If you were to describe the course of The Wonder Years’ decade-plus career, you may find the word “growth” as the most fitting. The band’s breakthrough trilogy of albums (2010’s The Upsides, 2011’s Suburbia I’ve Given You All and Now I’m Nothing, and 2013’s The Greatest Generation) were all about growing up. Each release addressed various stages of getting older all while the band continually got better as musicians and songwriters. Which is why 2015’s No Closer To Heaven felt like such an aberration. Instead of taking the leaps that the prior three albums did, No Closer To Heaven sounded like a lateral move, an album unsure of which version of the band it wanted to be. It resulted in some half-baked, rushed ideas and were the pressure of “what’s next” might have gotten to vocalist Dan Campbell and his bandmates. That’s not to say that Heaven doesn’t feature some of the band’s best work ever (“Cigarettes and Saints”, “The Bluest Things on Earth”, and “Stained Glass Ceilings” are peak Wonder Years), but it was frustrating that the band didn’t fully dive in. Yet it’s that past frustration that makes the band’s incredible new album, Sister Cities, feel so rewarding and refreshing.
I don’t know what draft I’m on of this review. I think probably my sixth. I really can’t remember. I’ve probably deleted 4,000 words over the past two weeks. Part of this is because for the past week I’ve had this terrible fever thing and half of what I wrote was rubbish. The other part is because no one could have expected this record, and if you claim you did expect it, then you’re a liar.
I believe in The Wonder Years. I believe they are one of the most exceptional bands around right now. They showed us with The Upsides that they could connect to young adults on a fiercely intimate level — more impressively than many of their peers from the late-2000s pop-punk revival. They showed us with Suburbia I’ve Given You All and Now I’m Nothing that not only was their arrival not a fluke, but that they possessed a critically important trait — the ability to, as a group, gather themselves and write an album that both drew upon and grew away from their previous triumph, and improved upon it in every measurable way.Read More “The Wonder Years – The Greatest Generation”
If you’ve ever seen The Wonder Years play a live set, you can probably agree with me when I say the Philadelphia-based sextet puts on quite an enjoyable performance. But as good as their live shows are, those only last one night.
Frontman Daniel “Soupy” Campbell, along with bassist Joshua Martin, guitarists Casey Cavaliere and Matthew Brasch, drummer Michael Kennedy and guitarist/keyboardist Nick Steinborn, are also well-known for giving their fans tons of attention, from hanging out before and after shows to posting on this website. But those interactions only last a little while.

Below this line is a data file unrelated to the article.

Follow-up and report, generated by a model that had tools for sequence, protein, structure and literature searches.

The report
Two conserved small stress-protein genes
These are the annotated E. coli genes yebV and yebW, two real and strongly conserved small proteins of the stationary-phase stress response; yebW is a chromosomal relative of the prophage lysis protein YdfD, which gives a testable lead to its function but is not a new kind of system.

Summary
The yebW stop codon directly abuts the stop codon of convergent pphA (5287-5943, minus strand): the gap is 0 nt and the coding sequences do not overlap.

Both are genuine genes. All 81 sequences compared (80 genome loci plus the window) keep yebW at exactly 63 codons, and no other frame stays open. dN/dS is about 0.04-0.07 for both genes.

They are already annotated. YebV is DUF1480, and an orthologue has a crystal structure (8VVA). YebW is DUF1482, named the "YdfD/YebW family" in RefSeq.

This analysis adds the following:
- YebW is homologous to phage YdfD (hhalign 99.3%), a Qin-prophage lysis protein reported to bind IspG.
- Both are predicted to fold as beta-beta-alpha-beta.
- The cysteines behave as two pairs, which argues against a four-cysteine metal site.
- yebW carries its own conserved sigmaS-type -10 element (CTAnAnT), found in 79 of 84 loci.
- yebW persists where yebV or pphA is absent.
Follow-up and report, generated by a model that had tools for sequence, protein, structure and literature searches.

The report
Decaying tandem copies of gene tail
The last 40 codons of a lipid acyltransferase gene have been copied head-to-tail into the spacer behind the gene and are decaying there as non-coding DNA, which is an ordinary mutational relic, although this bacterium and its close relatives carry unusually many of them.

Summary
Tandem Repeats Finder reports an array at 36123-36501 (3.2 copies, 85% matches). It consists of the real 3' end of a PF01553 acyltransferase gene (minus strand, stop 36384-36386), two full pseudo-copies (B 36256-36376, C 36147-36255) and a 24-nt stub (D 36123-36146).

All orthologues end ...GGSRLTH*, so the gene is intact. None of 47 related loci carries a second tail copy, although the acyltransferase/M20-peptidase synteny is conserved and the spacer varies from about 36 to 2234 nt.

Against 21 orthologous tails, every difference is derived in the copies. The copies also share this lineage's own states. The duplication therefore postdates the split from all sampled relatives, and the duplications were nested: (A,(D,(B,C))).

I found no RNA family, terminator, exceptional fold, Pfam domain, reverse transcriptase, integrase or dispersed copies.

Dan “Soupy” Campbell is not sad anymore. After years of struggling to keep his head above water, The Wonder Years’ frontman is looking for the upsides to life. The newly adopted mantra is also the namesake of the band’s sophomore effort, The Upsides.
The album ups the ante in every way possible. The songwriting is more dynamic, sans the out of place breakdowns and unnecessary keyboards. (Keyboardist Mikey Kelly left the band prior to the recording of the album.) In their place are more opportunities for the other instruments to shine. Mike Kennedy displays some impressive skin work with his upbeat drumming throughout the 40 minute duration. Matt Brasch and Casey Cavaliere’s guitar work is more refined and melodic, while bassist Josh Martin keeps the low-end thumping. Campbell’s vocals have also improved immensely. He offers more soaring choruses and crooning melodies.Read More “The Wonder Years – The Upsides”
Take a look around. What do you see?
Half-eaten bag of Flamin’ Hot Cheetos? Check.
Nunchucks hanging on wall (you know, just in case)? Check.
Telescope facing hot co-eds. Triple check (they’re blondes!).
A general air of debauchery and laziness? Check**
Well then, you’re an idiot. Whoa, whoa, whoa, don’t take that as a put-down. You have not been forgotten this time. You can finally dive into the cesspool of discarded expectations and “you had to be there” stories with a sufficiently boisterous soundtrack. For The Wonder Years have created Get Stoked On It! And Ted saw all that he had influenced, and that it was very good. He tried to tell Bill, but Bill had fallen asleep in the phone booth and was transported back to feudal Japan. Moving on.Read More “The Wonder Years – Get Stoked On It!”